The formation of sperm by the testes through the process of spermatogenesis is highly radiosensitive and can be affected by environmental, occupational and therapeutic radiation exposures. In this study, we applied an ex vivo mouse testis organ culture as an experimental model of spermatogenesis to investigate the radiobiological effects and to demonstrate its feasibility as a tool to determine response to complex, modulated radiation fields. This model uses Acr-GFP transgenic mice, which express the marker green fluorescent proteins specific for meiosis to allow observation of functional changes in real-time that can be used to analyze radiation-induced changes in the process of spermatogenesis. Our results showed that the model can accurately reproduce radiation-induced male germ cell toxicity, such as temporary infertility and permanent sterility. Furthermore, using a monochromatic X-ray microbeam, we applied this model to investigate the effects of heterogeneous radiation fields on testis tissue ex vivo. Our model represents a unique application in the field, which offers significant potential for gaining further mechanistic insight into radiation effects on the process of spermatogenesis.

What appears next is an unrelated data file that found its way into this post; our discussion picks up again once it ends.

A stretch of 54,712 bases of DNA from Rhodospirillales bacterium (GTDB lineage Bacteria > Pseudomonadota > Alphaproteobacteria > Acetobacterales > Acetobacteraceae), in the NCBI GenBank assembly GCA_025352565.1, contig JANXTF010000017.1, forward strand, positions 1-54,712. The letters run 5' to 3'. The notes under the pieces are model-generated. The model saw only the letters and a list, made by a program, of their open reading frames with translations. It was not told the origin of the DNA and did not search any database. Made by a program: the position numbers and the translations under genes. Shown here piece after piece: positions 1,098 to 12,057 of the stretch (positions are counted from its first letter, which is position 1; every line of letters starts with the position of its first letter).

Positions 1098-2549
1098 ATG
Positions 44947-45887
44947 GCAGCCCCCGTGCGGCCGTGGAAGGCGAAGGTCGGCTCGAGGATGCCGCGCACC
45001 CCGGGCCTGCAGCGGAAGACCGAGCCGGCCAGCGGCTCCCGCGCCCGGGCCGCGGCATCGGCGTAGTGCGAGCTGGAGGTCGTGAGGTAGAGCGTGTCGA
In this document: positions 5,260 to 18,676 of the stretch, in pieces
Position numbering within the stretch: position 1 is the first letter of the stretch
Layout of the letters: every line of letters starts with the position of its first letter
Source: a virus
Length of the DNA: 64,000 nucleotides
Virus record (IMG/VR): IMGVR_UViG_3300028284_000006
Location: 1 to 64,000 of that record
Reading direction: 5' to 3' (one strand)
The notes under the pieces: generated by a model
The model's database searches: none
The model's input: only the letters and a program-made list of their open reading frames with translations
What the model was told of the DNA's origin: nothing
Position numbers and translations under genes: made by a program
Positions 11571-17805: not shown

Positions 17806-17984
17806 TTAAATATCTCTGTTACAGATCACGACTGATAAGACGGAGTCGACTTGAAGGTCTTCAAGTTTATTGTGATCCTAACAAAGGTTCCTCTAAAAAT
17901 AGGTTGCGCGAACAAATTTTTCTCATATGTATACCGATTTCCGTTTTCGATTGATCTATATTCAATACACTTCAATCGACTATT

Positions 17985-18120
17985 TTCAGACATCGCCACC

Application of an Ex Vivo Tissue Model to Investigate Radiobiological Effects on Spermatogenesis
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Hisanori Fukunaga, Kiichi Kaminaga, Takuya Sato, Noriko Usami, Ritsuko Watanabe, Karl T. Butterworth, Takehiko Ogawa, Akinari Yokoya, Kevin M. Prise; Application of an Ex Vivo Tissue Model to Investigate Radiobiological Effects on Spermatogenesis. Radiat Res 1 June 2018; 189 (6): 661–667. doi: https://doi.org/10.1667/RR14957.1
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